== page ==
Andre De Grasse
Andre De Grasse after finishing third in the men’s 200m final at the Athletics Canada 2016 Track and Field Trials in Edmontonon July 10, 2016. Photo: Dave Holland.

Dutch researchers from the University of Amsterdam studying data from sub-elite track meets in Belgium and the Netherlands and elite Diamond League meets have published some interesting findings about the effect of wind speed on track performances. They also developed, based on the available data, a set of formulas for correcting for wind speed that can be used for the 100m, 200m, and 100/110m hurdles.

RELATED: Wind speed on the track: how it can affect times at outdoor races

Photo courtesy of Cameron Ormond

Wind can have a significant effect on sprint performance where athletes run in only one direction. Where runners benefit from a tailwind of more than 2 metres per second, their result cannot be counted as a personal best or for championship qualifying standards. This has been the case since 1936, according to the study, which was published on June 11 in the European Journal of Sport Science.

The authors suggest that an accurate model of the effect of wind on performance would enable track officials to correct for it, so that wind-assisted results wouldn’t have to be thrown out. It would also enable talent scouts to better assess athletes. Attempts to accurately correct for wind effects have been made in the past, but the rise of technology has facilitated the digitization of results, making an accurate model a real possibility.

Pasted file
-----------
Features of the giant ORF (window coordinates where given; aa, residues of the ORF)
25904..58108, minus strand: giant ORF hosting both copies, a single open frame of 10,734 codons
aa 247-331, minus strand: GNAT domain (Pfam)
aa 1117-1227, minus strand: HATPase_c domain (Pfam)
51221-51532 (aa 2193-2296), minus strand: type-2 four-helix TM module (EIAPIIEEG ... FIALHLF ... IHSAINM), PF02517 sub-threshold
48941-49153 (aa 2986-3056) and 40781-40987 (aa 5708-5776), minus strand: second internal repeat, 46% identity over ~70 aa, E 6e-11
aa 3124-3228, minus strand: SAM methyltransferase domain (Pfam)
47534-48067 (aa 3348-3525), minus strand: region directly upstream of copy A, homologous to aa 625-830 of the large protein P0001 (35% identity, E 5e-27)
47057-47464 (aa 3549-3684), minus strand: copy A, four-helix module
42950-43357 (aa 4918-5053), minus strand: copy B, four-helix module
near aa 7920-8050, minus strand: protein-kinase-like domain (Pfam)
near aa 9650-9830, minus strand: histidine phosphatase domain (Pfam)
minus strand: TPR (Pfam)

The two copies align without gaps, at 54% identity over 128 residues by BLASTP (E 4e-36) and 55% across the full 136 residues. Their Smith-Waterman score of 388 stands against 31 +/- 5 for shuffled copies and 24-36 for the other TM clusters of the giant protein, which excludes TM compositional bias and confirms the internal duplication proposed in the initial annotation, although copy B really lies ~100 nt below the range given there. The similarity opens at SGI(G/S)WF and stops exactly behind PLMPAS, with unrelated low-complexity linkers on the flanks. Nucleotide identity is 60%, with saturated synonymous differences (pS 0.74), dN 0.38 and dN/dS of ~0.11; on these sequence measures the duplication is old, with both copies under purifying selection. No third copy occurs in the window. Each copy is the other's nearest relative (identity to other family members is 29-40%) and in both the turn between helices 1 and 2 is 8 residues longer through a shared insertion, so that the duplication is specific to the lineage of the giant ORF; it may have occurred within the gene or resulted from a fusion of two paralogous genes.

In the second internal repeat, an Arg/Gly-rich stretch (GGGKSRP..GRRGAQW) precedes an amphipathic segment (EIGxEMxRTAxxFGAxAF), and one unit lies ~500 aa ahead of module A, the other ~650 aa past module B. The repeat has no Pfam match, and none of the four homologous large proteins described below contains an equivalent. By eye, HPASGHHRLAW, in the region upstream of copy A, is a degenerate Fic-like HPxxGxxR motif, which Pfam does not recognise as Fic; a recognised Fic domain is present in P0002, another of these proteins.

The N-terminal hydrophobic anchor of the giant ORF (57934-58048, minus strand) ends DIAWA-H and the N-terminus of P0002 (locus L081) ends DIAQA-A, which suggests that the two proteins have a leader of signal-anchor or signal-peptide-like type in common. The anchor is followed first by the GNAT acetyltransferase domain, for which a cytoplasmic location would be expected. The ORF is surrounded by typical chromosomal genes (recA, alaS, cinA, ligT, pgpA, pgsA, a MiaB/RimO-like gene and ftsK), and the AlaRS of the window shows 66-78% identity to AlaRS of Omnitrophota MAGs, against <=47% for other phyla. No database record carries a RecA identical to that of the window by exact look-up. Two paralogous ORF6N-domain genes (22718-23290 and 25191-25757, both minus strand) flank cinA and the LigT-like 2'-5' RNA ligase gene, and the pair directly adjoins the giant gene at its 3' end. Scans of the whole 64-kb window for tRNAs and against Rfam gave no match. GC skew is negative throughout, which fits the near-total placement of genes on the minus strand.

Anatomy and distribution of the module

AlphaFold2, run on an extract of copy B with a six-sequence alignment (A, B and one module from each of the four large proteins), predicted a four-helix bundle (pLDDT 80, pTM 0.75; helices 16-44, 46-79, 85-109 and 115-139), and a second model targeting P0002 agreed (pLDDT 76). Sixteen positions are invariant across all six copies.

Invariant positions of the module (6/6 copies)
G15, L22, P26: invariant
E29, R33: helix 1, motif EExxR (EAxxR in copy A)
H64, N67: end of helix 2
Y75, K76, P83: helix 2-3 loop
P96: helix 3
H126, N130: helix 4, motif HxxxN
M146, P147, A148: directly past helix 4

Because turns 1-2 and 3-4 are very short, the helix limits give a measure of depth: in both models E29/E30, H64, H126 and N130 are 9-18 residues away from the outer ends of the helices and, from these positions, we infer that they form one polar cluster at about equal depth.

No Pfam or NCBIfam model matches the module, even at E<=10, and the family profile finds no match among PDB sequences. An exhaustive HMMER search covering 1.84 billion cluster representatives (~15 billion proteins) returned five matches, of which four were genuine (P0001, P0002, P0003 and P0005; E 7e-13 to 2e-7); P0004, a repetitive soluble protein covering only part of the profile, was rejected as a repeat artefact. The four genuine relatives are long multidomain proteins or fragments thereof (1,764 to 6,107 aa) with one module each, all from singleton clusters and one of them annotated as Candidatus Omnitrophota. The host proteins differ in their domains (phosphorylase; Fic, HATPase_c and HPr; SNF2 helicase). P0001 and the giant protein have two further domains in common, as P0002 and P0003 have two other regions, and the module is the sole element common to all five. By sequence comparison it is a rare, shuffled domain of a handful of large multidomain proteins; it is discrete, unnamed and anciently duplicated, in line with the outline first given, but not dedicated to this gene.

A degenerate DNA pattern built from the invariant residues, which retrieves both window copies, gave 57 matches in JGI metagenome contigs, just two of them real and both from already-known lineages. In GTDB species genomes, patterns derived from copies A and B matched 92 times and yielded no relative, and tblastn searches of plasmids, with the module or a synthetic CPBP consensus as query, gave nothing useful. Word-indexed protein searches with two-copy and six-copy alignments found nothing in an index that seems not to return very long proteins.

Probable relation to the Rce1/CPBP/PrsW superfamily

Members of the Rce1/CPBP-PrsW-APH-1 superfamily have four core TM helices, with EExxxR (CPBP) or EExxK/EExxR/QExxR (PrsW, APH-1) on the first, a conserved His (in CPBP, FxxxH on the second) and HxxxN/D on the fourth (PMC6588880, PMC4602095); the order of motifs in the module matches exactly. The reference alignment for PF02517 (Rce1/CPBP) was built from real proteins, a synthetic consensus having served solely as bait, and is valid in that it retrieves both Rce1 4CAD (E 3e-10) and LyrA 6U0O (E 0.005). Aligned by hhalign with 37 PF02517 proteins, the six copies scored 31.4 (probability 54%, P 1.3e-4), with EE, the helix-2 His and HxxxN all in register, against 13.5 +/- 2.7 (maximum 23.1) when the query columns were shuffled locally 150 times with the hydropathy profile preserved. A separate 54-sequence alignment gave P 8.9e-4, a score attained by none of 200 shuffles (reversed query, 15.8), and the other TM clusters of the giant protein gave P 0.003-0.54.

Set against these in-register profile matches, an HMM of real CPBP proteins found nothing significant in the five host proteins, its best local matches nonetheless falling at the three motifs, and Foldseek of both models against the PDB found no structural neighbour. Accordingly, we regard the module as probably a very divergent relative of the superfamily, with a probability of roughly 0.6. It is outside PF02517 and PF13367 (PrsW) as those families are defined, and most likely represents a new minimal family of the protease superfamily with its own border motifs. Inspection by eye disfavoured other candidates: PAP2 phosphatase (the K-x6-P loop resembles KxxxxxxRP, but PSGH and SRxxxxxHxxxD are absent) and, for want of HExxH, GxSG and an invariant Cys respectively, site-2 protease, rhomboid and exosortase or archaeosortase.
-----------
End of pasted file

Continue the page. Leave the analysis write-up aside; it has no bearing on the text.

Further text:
Vernon track facility
Photo: Ian Cameron.

One of the findings of the study is that a 2m/s tailwind provides an average advantage of 0.125 seconds for the 100m, 0.140 seconds for the 200m, and 0.146 seconds for the 100/110m hurdles.

The study also found that in the 100m, amateur athletes running around 13 seconds benefited 69 per cent more from the effect of wind than elite athletes running around 10 seconds. 

Hayward Field

The researchers came up with specific formulae for converting any performance where wind is a factor, to a zero-wind result, noting that they are based on data from meets at sea level and cautioning the formulae should not be used at meets at higher-altitude. They cite the 1968 Olympics in Mexico City as an example. (Mexico City is at 2240m altitude, and the wind effect is approximately 25 per cent less than at sea level.)

Donovan Bailey
Donovan Bailey celebrates winning 100m gold at the 1996 Olympics. Photo: Canadian Olympic Committee.

In the following formulas, P represents performance in seconds, Pnew represents performance corrected for the effect of wind, and w represents wind velocity in metres per second.

100m: Pnew = P − 0.0449w + 0.009459Pw − 0.0042w2

200m: Pnew = P + 0.090w − 0.010w2

100/110m hurdles: Pnew = P + 0.093w − 0.010w2

The full study is available here

 

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